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Butler VA Health Care System
A Veterans Story: Charles “Chuck” Felts
Tuesday, November 10, 2020“Life is a matter of choices, and every choice you make makes you,” as quoted by John C. Maxwell, American author and pastor.
My name is Charles Felts. But I prefer Chuck. I am a 22-year Veteran having served 13 years in the Marine Corps and 9 years in the Army National Guard. And this is my story.
I was born and raised in New Mexico. My parents grew up during WWII and were much older when they decided to have children. I think that is where their patriotism started. Patriotism was at the heart of our home and family. We lived red, white and blue. I was 8 years old when I decided I wanted to be a soldier and I remember clearly when it happened: My dad and I were watching the Sands of Iwo Jima, a John Wayne movie, and at the end there were these soldiers raising the American flag and I said to my dad that I wanted to be a soldier like them. He said those are Marines. Then, I’m going to be a Marine. After I graduated high school in 1988, I fulfilled my dream and joined the Marine Corps.
In 1994, I decided to leave the military and give civilian life a try. I soon regretted it and tried to re-enlist. Restrictions on enlistment at that time prevented me from rejoining. I had to wait until 2000 to re-enlist. Several years later, my wife suffered and, thankfully survived, a brain aneurysm. We had no family in the area to help out and decided to leave the military again so that I could be home more and help my wife. I still craved the military life, so I decided to join the Army National Guard to fill that need of service to my country. It was a weekend each month and perhaps a week or two service throughout the year. That I can do. I had only been in the guard for 7 months before being called up for active duty that lasted 9 years.
I finally retired in 2015. During my military tenure, I served in 4 combat tours during Desert Storm and Desert Shield. I served in Iraq during Operation Iraqi Freedom and Operation Enduring Freedom. I completed non-combat deployments and was an Infantry and Tactics Instructor. My entire military career was in the infantry. At the age of 50, I realized that I had spent half of my life in service to my country. Over the years, there were many things that stood out, but it was the people that I met that had the most impact.
“There are many things I remember about my military service, but it is the people I met along the way that I remember the most. I met some fantastic people.”
Leaving the service didn’t heal the wounds I suffered. I was struggling with PTSD, insomnia and alcohol addiction. Others, Veterans who had missing extremities, needed the care the VA offered. I didn’t want to take care away from those who needed it. It wasn’t until an accident, that could have been much worse, when I began to reconsider these misconceptions and finally sought the help I needed. As a soldier, you are trained to work through the pain. And that was what I was doing, working through the pain.
“It was my pride that was keeping me from asking for help. I didn’t want to admit it until the accident. That was when the light bulb came on. And thank God it did.”
I had not heard of the Butler VA until I was admitted to their Domiciliary program on December 6, 2018, coincidently, that is also the date I enlisted in the Marine Corps. And I am glad I came here. All I can say is the Butler VA saved my life. I chose to stay in Butler because of the excellent care I have received. As soon as you walk through the door, you can feel they care about you. And because of the VA and the great support I have received, I am also 2 years sober.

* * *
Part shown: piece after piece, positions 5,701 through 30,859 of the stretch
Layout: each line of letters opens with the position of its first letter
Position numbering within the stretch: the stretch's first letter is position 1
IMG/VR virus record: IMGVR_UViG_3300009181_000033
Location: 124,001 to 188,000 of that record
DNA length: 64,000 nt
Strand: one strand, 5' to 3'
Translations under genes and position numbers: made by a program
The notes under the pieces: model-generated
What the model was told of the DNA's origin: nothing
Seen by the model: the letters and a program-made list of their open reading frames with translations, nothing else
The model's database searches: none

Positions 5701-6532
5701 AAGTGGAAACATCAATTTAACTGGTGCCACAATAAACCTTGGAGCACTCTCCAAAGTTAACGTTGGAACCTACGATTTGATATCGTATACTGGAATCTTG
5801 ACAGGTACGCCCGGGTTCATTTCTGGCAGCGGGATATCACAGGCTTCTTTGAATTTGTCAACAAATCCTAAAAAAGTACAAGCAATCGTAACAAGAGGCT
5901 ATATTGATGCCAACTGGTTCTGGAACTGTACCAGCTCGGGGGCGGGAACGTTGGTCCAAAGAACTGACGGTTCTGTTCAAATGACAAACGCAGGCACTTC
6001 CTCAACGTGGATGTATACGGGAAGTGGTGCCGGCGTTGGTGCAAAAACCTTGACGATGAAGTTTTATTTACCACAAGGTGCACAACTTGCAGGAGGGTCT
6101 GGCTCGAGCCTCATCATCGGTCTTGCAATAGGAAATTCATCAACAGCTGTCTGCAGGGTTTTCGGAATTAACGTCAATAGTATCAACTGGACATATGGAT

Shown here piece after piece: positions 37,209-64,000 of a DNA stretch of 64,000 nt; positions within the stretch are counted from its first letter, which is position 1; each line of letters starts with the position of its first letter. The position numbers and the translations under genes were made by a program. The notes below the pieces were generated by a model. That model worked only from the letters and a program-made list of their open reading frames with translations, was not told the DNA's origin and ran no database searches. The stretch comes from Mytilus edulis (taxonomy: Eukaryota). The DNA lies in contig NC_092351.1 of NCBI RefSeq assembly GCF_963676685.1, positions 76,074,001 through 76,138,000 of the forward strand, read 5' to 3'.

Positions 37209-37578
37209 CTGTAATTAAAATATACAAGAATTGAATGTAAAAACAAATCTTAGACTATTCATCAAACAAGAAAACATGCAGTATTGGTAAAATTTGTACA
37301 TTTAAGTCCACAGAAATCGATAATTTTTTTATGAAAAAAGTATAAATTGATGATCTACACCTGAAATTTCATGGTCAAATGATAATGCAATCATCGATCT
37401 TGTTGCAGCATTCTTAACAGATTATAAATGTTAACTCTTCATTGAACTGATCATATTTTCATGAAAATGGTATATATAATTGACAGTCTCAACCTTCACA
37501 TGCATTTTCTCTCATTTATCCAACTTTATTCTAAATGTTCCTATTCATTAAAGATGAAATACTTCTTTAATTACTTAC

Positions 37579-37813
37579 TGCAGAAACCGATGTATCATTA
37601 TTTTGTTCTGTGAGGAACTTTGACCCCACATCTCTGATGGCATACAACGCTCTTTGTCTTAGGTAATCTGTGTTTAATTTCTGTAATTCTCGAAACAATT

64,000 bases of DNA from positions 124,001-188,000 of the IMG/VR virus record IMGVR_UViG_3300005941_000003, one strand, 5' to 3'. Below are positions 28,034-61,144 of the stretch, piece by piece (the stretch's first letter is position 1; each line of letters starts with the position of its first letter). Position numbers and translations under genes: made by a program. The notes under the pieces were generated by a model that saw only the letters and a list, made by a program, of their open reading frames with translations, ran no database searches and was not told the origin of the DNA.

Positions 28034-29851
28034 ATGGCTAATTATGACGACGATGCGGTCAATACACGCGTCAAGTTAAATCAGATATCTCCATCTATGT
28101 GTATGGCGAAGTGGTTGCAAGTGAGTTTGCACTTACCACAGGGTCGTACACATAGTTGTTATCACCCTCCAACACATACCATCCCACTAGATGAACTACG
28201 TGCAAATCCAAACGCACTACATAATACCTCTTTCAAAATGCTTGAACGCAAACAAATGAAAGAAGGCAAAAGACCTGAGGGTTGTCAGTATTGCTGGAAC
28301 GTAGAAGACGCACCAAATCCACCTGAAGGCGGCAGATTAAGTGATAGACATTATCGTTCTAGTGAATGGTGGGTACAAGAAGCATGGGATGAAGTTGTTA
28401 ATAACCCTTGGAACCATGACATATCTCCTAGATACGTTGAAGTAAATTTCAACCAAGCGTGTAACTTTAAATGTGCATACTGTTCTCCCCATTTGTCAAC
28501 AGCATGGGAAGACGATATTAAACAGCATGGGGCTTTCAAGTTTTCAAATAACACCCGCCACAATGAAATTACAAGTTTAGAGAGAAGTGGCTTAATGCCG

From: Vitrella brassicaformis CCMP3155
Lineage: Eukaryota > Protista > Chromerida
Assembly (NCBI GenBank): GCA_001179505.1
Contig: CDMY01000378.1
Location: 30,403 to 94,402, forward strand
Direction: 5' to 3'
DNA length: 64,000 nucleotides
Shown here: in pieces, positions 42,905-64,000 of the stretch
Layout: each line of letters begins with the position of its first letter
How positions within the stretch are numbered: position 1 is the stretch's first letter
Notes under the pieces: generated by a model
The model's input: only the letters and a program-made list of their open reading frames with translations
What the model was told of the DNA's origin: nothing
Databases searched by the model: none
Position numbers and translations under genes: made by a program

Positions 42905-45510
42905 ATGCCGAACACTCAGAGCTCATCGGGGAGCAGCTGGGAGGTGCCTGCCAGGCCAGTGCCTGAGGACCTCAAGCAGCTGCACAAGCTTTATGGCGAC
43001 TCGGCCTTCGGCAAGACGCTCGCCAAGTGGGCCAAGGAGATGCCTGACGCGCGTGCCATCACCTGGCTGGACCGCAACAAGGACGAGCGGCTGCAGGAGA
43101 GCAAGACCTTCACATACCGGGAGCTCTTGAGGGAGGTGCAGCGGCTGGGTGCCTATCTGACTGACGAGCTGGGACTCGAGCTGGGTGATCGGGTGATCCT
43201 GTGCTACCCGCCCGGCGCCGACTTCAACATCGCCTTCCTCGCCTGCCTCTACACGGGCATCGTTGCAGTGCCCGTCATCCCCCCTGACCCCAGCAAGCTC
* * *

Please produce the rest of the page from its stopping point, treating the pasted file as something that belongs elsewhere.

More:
I continue to get my care at the VA and attend group meetings weekly. But, the best therapy I have is maintaining contact with my squad from Iraq. We were a tight group and shared many experiences together. We deployed together and came home together. That is not always the case. Of the 11 squad members, I have regular contact with six and we connect weekly via zoom meetings. In September 2020, one of my squad members committed suicide. It has been very difficult for myself and the others in the wake of this tragedy. We have increased our zoom meetings to 3 times a week in the hopes of keeping regular personal connections going and to encourage each other to get help when things get to be too much.
Throughout the years, I have made many decisions, good and bad, but the best decision I made was coming to the VA. The VA is here for you, so use it. Don’t let your pride get in the way of getting the care and help you need, that you deserve.
“Don’t let a tragedy be your light bulb.”
During the COVID pandemic, I know many people were having a difficult time with the restrictions. I welcomed the reprieve to just focus on me. I was getting burned out with people, so having to social distance and quarantine has been great. Right now, I am choosing to do me and do what I want for a change. I have been working out a couple times a day, mountain biking and playing music. I have not been home for some time, so I am planning a trip home in the coming months. I have my issues, but I am in a much better place today thanks to the Butler VA Health Care System.
The staff and management of the Butler VA would like to thank Mr. Felts and all service men and women (past and present) for their service. Every day we work to afford our Veterans the highest merit they are due. It is our privilege to represent our grateful nation in delivering to Veterans the programs and services they earned and deserve. For more information about Butler VA click here or call 724-287-4781. Veterans in crisis can connect with a responder anytime day or night simply by calling 800-273-8255, then select 1, or start a confidential Crisis Chat.